However since all these fields interact with the doublet field, some of their field strength comes from it. If its value is just right, it will cancel against the other things contributing to the fields strength and the "C + D + G" field will have zero-strength and so it can create particles.

Why do you mention particles at one point, but your list of combinations after the doublet field took its value only includes bosons?

I include only the bosons for simplicity. If I used the fermions, things get a little more complicated. For example the colours mix differently for a left spinning electron and a right spinning electron, which would make the presentation a bit more difficult. However the basic mechanism is the same, I just excluded them for technical complexity and length (there's a lot of fermions).

Does the name "Spontaneous Symmetry Breaking" imply that the doublet field took its value spontaneously?

Actually no. The name is historical in origin. Originally the idea was used for crystals and ferromagnets, which do seem to spontaneously pick a shape or direction at random. Since the mathematics is the same we just use the same name. However the doublet field would have settled into its value. Although I guess when the settling occurs over a fraction of a second you could call it spontaneous.
This message is a reply to:
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 Message 236 by New Cat's Eye, posted 12-13-2011 10:39 AM Son Goku has not yet responded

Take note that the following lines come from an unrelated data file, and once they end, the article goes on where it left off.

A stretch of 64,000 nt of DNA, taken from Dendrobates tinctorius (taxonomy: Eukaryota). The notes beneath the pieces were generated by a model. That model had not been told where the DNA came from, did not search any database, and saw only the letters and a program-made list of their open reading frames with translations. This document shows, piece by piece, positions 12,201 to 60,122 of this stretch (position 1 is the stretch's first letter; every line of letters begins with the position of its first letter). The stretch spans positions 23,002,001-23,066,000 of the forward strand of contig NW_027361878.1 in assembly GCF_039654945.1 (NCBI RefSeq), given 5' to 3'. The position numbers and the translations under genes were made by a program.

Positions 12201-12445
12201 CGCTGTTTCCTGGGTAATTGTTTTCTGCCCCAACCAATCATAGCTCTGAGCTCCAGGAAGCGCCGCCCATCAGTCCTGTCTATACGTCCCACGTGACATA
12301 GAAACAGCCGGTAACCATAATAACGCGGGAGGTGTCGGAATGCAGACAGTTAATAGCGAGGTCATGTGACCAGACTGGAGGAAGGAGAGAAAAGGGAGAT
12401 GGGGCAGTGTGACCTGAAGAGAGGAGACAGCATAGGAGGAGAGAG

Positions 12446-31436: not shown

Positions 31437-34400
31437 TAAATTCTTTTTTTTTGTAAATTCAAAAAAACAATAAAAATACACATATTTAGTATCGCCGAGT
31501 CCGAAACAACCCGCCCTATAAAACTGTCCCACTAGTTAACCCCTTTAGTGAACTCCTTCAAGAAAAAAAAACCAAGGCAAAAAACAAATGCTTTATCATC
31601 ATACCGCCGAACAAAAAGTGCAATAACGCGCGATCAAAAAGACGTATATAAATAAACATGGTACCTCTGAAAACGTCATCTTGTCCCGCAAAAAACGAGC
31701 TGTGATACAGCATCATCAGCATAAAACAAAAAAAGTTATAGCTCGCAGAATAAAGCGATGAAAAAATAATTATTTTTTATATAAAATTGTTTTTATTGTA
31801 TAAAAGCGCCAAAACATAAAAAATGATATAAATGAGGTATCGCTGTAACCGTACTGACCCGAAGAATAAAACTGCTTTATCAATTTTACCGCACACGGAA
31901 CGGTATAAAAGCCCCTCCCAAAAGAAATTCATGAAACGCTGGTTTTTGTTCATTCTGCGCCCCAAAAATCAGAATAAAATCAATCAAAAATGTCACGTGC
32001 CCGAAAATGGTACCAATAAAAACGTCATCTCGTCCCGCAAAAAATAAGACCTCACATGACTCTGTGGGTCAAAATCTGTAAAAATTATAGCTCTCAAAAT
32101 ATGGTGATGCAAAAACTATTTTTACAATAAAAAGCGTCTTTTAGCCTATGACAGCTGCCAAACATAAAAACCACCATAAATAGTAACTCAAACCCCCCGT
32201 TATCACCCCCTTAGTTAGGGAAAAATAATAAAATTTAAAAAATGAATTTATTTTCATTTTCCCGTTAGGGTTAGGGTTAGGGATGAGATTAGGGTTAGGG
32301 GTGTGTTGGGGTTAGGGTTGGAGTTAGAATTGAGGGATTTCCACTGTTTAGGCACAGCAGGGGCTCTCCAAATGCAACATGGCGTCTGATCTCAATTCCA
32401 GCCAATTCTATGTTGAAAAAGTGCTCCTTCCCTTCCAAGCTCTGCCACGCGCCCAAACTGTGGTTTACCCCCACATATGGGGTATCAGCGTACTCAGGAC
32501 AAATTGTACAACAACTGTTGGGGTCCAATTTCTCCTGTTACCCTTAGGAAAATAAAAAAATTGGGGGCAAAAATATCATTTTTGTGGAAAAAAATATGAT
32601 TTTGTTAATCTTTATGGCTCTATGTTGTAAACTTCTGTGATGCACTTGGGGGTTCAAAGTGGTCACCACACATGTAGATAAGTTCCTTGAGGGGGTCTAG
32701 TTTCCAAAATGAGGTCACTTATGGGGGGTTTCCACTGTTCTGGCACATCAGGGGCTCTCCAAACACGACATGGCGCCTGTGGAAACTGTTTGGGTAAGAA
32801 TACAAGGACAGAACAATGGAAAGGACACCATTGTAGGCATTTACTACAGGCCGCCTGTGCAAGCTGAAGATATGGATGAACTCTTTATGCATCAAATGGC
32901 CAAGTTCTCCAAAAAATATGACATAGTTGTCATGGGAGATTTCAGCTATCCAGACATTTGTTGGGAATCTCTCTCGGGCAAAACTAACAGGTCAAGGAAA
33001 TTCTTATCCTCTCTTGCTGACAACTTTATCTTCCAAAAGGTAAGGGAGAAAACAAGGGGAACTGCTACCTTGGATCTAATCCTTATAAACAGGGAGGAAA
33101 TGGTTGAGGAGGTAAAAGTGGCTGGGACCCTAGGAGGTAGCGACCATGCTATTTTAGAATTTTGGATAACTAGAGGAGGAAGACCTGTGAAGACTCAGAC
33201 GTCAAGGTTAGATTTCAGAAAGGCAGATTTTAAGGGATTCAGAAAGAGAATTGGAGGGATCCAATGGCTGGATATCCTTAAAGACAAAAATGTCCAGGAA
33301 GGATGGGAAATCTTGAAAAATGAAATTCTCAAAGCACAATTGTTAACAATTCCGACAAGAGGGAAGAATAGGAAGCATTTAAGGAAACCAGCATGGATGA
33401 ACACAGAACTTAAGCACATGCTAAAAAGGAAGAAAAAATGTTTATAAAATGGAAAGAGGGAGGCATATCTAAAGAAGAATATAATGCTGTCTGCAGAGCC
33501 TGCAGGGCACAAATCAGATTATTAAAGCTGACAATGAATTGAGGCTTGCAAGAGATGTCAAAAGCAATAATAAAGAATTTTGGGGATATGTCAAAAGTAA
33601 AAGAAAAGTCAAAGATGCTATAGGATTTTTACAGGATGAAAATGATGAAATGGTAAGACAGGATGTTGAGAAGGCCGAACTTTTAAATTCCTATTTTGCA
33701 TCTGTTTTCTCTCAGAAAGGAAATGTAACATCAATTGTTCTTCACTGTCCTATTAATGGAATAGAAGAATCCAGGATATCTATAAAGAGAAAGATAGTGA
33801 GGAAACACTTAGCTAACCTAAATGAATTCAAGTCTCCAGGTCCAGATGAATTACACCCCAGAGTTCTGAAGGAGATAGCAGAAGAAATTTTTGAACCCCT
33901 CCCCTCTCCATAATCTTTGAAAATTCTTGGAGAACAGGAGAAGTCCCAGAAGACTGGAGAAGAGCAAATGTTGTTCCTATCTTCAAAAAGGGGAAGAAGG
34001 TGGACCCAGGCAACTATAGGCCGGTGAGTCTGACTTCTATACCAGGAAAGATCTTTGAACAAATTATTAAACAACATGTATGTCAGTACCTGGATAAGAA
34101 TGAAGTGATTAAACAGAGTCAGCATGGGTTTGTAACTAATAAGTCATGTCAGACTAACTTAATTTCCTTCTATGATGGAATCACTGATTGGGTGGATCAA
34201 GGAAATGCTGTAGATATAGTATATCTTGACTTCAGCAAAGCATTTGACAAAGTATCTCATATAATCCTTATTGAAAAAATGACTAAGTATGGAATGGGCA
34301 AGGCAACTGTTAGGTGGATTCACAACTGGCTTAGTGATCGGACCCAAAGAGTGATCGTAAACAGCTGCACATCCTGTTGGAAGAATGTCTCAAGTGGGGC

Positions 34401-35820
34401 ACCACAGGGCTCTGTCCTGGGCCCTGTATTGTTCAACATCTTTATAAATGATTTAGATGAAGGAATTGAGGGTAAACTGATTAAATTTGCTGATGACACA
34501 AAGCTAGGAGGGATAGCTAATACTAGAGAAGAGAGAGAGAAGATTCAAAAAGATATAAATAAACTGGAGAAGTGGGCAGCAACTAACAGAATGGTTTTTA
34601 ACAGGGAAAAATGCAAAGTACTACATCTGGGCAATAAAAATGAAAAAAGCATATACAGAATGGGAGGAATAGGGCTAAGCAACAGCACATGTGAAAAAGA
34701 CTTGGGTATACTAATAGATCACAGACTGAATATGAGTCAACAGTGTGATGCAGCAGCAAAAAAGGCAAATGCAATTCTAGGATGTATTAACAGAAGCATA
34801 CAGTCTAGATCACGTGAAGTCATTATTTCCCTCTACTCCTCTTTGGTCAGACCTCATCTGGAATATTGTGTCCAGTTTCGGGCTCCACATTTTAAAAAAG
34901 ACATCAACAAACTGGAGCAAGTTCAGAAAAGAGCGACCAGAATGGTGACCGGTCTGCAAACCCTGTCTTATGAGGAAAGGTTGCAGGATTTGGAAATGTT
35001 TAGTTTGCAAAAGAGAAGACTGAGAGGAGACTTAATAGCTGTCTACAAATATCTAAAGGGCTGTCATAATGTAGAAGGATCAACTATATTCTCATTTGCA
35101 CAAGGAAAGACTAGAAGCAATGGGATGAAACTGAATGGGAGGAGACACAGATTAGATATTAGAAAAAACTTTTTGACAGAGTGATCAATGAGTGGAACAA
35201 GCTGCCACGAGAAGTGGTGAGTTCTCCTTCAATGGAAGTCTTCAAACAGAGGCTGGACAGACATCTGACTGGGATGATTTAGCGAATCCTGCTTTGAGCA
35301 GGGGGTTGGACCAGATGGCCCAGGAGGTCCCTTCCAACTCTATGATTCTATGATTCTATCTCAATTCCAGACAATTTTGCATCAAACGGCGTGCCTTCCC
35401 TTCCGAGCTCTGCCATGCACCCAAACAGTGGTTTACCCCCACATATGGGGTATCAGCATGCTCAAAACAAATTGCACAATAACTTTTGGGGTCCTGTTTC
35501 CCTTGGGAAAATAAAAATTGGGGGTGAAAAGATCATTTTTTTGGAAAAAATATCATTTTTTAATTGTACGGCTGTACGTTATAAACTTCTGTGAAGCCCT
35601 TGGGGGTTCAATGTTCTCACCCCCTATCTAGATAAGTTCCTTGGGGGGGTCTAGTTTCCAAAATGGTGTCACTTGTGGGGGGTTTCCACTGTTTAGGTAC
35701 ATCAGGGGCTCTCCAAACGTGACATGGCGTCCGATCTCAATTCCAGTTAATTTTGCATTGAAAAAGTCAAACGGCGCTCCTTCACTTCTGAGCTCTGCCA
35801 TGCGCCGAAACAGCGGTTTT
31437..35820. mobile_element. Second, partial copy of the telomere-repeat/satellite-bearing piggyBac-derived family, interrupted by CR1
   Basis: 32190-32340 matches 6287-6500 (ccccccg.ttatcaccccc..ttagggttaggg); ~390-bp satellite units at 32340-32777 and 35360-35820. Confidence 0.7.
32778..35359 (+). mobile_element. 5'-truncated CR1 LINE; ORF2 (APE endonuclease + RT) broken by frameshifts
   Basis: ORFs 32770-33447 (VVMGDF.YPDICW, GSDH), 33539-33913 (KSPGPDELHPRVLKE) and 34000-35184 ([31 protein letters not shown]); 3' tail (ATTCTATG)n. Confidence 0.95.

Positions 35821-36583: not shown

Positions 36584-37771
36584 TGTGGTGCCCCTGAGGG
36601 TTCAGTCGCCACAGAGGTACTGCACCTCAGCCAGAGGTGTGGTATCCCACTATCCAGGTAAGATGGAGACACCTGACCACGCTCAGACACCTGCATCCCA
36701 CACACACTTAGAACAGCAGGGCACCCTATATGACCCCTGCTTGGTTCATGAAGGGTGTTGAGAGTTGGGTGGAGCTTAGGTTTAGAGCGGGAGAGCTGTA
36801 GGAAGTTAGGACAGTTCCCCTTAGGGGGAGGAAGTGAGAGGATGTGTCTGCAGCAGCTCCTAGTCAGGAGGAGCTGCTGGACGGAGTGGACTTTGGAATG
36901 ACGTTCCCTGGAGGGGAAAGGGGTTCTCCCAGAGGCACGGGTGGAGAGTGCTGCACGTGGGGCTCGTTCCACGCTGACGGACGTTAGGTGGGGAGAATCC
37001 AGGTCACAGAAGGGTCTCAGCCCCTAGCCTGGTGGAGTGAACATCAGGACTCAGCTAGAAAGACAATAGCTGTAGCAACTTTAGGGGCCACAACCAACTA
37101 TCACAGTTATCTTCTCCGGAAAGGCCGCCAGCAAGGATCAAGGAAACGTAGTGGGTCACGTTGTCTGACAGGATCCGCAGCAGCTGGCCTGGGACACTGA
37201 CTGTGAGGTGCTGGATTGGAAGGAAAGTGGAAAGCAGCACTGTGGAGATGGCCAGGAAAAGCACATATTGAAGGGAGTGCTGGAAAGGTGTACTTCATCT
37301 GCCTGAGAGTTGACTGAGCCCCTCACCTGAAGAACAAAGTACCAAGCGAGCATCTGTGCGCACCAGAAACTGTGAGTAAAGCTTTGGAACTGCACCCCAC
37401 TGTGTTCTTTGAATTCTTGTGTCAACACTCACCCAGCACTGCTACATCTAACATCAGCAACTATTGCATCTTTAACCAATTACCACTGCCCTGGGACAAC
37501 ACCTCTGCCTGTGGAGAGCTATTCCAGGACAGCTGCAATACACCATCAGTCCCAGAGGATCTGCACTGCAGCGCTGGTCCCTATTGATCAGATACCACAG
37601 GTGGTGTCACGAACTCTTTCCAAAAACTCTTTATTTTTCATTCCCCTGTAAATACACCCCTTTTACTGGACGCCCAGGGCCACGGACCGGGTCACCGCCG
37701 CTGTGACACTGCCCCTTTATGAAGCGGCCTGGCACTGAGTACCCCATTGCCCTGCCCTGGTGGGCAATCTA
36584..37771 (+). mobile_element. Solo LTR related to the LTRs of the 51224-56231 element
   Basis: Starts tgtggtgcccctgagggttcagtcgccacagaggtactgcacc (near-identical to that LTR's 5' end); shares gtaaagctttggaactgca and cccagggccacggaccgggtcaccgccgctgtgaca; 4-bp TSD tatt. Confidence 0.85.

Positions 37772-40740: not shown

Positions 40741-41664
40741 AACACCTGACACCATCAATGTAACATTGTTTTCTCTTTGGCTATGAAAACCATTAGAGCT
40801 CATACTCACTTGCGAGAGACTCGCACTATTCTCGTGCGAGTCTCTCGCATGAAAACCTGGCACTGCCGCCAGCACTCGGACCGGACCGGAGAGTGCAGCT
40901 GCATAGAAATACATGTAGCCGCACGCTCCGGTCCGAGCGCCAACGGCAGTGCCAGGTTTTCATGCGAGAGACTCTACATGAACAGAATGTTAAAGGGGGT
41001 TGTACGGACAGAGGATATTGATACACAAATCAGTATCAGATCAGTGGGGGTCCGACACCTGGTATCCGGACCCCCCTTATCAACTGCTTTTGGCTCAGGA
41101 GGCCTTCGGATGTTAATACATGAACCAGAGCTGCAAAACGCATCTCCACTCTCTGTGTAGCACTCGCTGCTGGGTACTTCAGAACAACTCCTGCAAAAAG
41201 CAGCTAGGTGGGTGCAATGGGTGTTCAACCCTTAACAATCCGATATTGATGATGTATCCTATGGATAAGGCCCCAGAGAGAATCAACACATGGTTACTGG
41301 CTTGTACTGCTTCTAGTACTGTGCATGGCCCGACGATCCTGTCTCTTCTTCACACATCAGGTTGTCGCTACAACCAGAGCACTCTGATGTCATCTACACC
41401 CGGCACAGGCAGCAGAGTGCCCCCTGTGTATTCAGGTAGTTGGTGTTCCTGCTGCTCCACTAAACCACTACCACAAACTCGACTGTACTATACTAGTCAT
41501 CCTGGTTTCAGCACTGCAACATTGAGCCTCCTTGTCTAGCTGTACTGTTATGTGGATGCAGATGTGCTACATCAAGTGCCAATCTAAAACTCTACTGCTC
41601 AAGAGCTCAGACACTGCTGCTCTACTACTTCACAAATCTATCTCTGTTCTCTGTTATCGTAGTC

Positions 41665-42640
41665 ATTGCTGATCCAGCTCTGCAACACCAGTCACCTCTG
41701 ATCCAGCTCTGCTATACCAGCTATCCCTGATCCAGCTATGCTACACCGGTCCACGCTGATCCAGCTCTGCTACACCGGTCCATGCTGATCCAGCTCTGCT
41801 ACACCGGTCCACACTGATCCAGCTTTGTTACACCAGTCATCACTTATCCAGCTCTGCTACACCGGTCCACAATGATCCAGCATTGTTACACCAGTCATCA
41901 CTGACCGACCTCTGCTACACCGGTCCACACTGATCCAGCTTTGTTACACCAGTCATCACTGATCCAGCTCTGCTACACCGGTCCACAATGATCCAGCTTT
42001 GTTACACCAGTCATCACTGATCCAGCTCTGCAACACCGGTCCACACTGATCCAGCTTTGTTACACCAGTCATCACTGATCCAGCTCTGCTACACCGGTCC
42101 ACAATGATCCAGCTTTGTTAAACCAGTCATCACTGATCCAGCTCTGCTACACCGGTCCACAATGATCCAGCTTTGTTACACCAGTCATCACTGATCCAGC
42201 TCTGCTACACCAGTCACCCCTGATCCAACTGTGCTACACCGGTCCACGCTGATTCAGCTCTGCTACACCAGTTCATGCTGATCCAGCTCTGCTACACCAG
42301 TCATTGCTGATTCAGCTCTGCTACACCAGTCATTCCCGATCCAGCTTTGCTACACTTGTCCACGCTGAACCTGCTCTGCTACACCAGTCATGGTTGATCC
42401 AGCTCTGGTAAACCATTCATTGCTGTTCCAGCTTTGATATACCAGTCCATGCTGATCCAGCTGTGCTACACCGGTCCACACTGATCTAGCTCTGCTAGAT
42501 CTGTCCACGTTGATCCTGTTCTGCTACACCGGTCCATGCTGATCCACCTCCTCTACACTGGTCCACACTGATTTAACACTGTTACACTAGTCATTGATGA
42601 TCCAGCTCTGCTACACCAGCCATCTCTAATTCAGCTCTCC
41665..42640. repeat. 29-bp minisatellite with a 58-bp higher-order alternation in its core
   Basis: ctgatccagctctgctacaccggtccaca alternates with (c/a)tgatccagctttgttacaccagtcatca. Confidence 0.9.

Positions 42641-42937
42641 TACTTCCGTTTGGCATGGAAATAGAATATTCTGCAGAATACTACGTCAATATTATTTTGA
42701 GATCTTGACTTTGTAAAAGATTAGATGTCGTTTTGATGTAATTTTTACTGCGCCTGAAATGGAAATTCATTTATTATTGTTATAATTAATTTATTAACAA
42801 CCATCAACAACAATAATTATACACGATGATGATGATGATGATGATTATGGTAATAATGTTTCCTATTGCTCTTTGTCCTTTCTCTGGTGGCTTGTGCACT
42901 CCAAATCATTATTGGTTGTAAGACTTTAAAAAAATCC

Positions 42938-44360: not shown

New Cat's Eye
Member
Posts: 11171
From: near St. Louis
Joined: 01-27-2005
Member Rating: 1.7


Message 236 of 268 (643950)
12-13-2011 10:39 AM
Reply to: Message 235 by Son Goku
12-13-2011 9:40 AM


Re: Appearance of Electromagnetism
Thanks for taking the time to type that up. I enjoyed reading it and felt like I learned some stuff
This message is a reply to:
 Message 235 by Son Goku, posted 12-13-2011 9:40 AM Son Goku has not yet responded

  
Rahvin
Member (Idle past 534 days)
Posts: 3964
Joined: 07-01-2005


Message 237 of 268 (643956)
12-13-2011 12:05 PM
Reply to: Message 233 by Straggler
12-12-2011 10:59 AM


Re: Objective/Subjective
The reason I chose that relationship is that I dont see how it can possibly be derived from empirical observation. It is a mathematical relationship. So what observations are you suggesting it is based on?

Mathematics is essentially a language of symbols that represent observations in the "real" world. We can observe an apple (an integer) and see how the relationship between integers changes as we add or remove apples; we can observe half or a third of an apple and develop fractions and decimals. We observe exponential and other non-linear relationships int he real world, too.